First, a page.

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Technology and Humans

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Technology: Self-checkout lanes hurting the economy and customer satisfaction
During the 1900’s America was recognized as a national powerhouse with a strong economy that offered citizens careers and economic stability. Today, we are fighting unemployment and recovering from an unstable stock market. Although many factors have impacted the economy since then, one factor that goes unnoticed is the growth in technological advancements and how it is directly affecting employment rates and customer satisfaction. Machines used to be basic, and controlled by people, but since technology has progressed machines are now capable of performing jobs solely on their own. Police officers are being replaced by camera lights, cashiers by self-service checkout machines, and operators by automated voice recognition machines. Technology, more specifically self-checkout machines are directly affecting our economy; it’s eliminating jobs and leaves customers feeling unsatisfied. The problem with today’s technology is that it is self-reliant, such as the CHEC software program which runs all IBM self-checkout machines. IBM mentions on their website how it “Offers retailers a totally integrated self-checkout solution that can effectively manage and help lower total cost of ownership (TCO).” They are trying to appeal to managers that the total cost of operations will undeniably decline if you buy their product. Aside from lower total cost of operations these machines have their advantages and disadvantages.
IBM mentions all the advantages on their website like any other company would but the managers may be overlooking a major flaw which is customer satisfaction. IBM advertises its self-service machine as one that’s smaller than the traditional check-out lane, and therefore optimizes floor space, improves cash management with cash recycling and security through a separate payment module, and speeds checkout to maximize efficiency. The flaw is that it does not enhance the user’s experience; in fact it does the opposite. One of the amenities of going to the food store is having the cashier check your groceries and bag them, so why are managers and owners taking that away from a customer’s experience? According to British Broadcasting Corporation News, research suggests that 48% of Americans think self-service checkouts are a nightmare- neither quick nor convenient. The research also showed 46% of customer’s couldn’t scan their items correctly, 39% can’t use their own bags, 13% of the customers didn’t like that they were doing all the work, and 12% of customers felt they always needed to wait for assistance. This survey by BBC news should be a clear indicator for store managers that customers prefer the old-fashioned system.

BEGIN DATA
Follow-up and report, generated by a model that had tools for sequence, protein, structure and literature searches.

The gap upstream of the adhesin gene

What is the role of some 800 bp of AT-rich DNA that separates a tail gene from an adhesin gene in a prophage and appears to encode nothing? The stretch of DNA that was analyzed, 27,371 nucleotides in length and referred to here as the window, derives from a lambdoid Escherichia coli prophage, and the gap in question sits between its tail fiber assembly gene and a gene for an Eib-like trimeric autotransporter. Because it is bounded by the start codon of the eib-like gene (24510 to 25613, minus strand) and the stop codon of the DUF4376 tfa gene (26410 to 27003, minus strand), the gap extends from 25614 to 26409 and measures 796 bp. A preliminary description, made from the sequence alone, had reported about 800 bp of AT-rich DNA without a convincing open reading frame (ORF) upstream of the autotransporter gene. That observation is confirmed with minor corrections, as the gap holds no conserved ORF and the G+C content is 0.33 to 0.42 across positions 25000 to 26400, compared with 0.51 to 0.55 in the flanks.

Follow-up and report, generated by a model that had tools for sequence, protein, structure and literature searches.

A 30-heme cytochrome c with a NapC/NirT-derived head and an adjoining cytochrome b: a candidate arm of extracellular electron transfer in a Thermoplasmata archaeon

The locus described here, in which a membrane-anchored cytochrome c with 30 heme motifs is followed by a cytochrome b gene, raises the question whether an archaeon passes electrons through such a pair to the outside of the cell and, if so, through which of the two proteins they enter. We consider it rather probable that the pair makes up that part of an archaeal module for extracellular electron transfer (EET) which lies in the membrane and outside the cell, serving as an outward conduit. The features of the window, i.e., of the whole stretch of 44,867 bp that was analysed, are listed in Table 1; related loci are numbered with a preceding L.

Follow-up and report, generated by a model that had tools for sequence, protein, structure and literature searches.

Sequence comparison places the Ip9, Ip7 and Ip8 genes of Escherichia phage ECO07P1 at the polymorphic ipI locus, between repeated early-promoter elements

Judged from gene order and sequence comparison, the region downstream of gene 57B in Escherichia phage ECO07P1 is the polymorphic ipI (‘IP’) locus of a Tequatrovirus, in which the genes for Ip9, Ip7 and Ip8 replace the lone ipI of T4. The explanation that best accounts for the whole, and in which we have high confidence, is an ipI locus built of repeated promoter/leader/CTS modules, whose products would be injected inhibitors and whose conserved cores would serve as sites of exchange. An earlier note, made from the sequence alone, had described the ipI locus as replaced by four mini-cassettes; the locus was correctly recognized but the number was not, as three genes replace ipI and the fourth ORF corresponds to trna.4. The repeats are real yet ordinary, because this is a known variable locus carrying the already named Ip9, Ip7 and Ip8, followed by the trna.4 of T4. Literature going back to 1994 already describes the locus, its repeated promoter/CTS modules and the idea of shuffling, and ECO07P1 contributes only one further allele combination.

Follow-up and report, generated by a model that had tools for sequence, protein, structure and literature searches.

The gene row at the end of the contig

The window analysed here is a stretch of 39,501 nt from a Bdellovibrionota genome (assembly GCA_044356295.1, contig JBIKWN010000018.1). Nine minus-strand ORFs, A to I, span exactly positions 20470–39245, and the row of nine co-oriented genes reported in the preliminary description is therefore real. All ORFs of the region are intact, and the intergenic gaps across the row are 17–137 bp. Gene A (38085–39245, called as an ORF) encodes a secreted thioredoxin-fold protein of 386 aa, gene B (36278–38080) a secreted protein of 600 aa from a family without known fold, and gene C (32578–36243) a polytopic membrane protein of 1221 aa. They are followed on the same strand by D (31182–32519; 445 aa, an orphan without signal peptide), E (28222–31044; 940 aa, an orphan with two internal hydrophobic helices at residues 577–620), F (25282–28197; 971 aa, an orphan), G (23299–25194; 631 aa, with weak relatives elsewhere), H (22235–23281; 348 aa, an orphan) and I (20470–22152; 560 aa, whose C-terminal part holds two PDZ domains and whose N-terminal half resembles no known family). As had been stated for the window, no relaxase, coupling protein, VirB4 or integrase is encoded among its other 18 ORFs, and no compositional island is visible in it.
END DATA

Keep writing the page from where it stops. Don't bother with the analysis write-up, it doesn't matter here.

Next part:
When I am home I generally go to the food store once a week to either run errands for my parents or to pick up something for myself. Generally when walking towards checkout I look for the shortest line or customers with the least amount of groceries in their cart, but occasionally I’ll use the self-checkout lane. The first question it asked me was if I have a membership to the store, and of course my parents do, but I had forgotten to take their card. If I had seen a regular cashier he would have most likely just looked mine up or scanned his own, but because I was in the self-service lane I didn’t bother calling over a representative and paid full price instead. Halfway through my order I had to scan my bananas, which have to be looked up in the system’s directory, and as a first time user, of course it took me longer than it would have taken a cashier. I also had to listen to “Please scan your item and place it on bag area” fifty two times over. I have never warmed up to the whole self-checkout machines in the first place, but by the end of the process I found it to be more stressful and more time consuming than expected. When I do it myself five times out of ten the machines have an error and a supervisor has to come override the machine; a cashier is much more efficient than a machine, and better able to handle customer requests than a machine is. I am not the only generation affected by this movement in technology. Older people, who have been going to the food stores for years now, also feel the effects. Most of the elderly aren’t very experienced with newer technology and therefore prefer a cashier to a check-out machine. These machines are important because the food industry will always be there and is currently one of the largest in the world and will remain to be.